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Brain network based stratification of mental illness

Periodic Reporting for period 3 - STRATIFY (Brain network based stratification of mental illness)

Reporting period: 2019-10-01 to 2020-12-31

STRATIFY aims to reduce the burden of mental disorders by identifying widely applicable disease markers based on neural processes, which predict psychopathology and allow for targeted interventions. STRATIFY generates a neurobehavioural framework for stratification of psychopathology by characterising links between network properties of brain function and structure and reinforcement–related behaviours, which are fundamental components of some of the most prevalent mental disorders.

We are carrying out precision phenotyping of up to 800 patients with major depression, alcohol use disorders, eating disorders and psychosis, and 300 controls, which we shall investigate with innovative biostatistical methods derived from artificial intelligence research. Development of these methods will optimize exploitation of a wide range of assessment modalities, including functional and structural neuroimaging, cognitive, emotional as well as environmental measures. The neurobehavioural clusters resulting from this analysis will be validated in the longitudinal population-based imaging genomics cohort, IMAGEN and assessed for genetic risk factors generated from genomic and imaging-genomic meta-analyses of >300.000 individuals. By targeting specific neural processes the resulting stratification markers will serve as paradigmatic examples for a diagnostic classification, which is based upon quantifiable neurobiological measures, thus enabling targeted early intervention, identification of novel pharmaceutical targets and the establishment of neurobehaviourally informed endpoints for clinical trials.

We are also adapting our precision medicine approach to Low and Middle Income Countries (LMIC) on a global scale, as part of the Global Imaging Genetics in Adolescents Consortium (GIGA) founded by us (Schumann et al. Lancet Global Health 2019 Jan;7(1):e32). One important output of this work is a China-UK collaboration resulting in a manuscript by Xu et al. 'Satellite Imaging of Global Urbanicity relates to Adolescent Brain Development and Behavior' (Nature Medicine, in revision).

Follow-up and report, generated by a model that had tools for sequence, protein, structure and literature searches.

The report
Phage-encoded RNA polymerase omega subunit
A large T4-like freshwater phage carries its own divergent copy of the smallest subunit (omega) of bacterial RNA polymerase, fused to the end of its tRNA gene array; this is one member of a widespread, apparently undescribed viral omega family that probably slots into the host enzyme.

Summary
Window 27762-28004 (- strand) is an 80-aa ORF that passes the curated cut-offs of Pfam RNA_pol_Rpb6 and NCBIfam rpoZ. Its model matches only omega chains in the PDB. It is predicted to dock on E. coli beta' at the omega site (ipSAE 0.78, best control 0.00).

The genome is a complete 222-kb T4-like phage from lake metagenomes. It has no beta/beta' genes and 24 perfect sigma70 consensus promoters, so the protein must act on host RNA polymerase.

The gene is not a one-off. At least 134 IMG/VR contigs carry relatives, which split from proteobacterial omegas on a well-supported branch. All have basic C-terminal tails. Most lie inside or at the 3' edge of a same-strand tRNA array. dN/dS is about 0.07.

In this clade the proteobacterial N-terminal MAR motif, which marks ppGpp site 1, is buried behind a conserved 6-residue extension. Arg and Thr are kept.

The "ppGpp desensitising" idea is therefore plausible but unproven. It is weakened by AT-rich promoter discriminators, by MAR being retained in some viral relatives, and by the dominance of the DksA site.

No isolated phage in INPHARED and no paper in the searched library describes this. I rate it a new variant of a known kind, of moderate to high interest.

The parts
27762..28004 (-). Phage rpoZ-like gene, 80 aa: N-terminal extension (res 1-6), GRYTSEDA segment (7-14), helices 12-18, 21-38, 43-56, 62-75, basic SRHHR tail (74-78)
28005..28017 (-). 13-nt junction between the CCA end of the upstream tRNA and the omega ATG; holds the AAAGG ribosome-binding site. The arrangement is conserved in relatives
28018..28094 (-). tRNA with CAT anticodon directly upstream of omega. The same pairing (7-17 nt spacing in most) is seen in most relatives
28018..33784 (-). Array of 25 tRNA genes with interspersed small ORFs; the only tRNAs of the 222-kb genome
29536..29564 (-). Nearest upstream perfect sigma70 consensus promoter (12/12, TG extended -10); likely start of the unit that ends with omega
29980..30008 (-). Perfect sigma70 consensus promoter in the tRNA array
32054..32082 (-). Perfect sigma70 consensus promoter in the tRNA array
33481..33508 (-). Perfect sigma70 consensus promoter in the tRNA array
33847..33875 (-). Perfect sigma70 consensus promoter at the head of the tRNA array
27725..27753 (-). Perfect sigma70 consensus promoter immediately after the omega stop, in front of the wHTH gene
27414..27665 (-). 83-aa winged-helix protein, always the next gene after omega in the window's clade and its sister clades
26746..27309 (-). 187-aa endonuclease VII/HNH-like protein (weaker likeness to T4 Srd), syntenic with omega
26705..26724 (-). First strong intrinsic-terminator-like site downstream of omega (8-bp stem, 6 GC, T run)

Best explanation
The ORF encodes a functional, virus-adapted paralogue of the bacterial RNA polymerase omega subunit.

To date the STRATIFY project has published 22 papers, with additional papers still in review. Some key manuscripts are described below:

We discovered symptom clusters with shared biology (see Figure). A paper by Alex Ing et. al. 'Identifying neurobehavioural symptom groups based on shared brain mechanisms' is published in Nature Human Behaviour. This paper describes a new method to find relations between behavioral symptoms, and neuroimaging measures of brain structure and function. By characterising behavioral symptom groups based on shared neural mechanisms, the results provide a framework for developing a classification system for psychiatric illness, which is based on quantitative neurobehavioural measures. A detailed description of the method developed is being prepared for publication.

Jia et. al.'s 'Neurobehavioural characterisation of reinforcement-related behaviour', is currently under revision in Nature Human Behaviour. Here we describe the identification of stratification markers of externalising symptoms based on functional brain activity during reinforcement processes. Neural network underlying hyperactivity and inattention of ADHD while similar during reward anticipation, were distinct during motor inhibition, suggesting different neural mechanisms underlying distinct ADHD behaviours.

In a large GWAS meta-analysis by Evangelou et al., 'Novel alcohol-related genes suggest shared genetic mechanisms with neuropsychiatric disorders' , Nature Human Behaviour 2019, we investigated 480.842 cases participants to decipher the genetic architecture of alcohol intake. The study identified genetic pathways associated with alcohol consumption and suggested shared genetic mechanisms with neuropsychiatric disorders including schizophrenia.
We are currently extending our approach to include further task-based brain activation and functional dynamics, as well as multi level-omics into the model. A project by Chang et al. aims at extracting potential functional connectivity patterns associated with reward processing, and derive a series of ‘snapshots’ of brain functional connectivity patterns. The resultant spatiotemporal feature will help us to distinguish patients with reward-related dysfunction from healthy controls. We employ multi-level omics analysis to incorporate information extracted from different neuroimaging modalities, genetic and environmental data.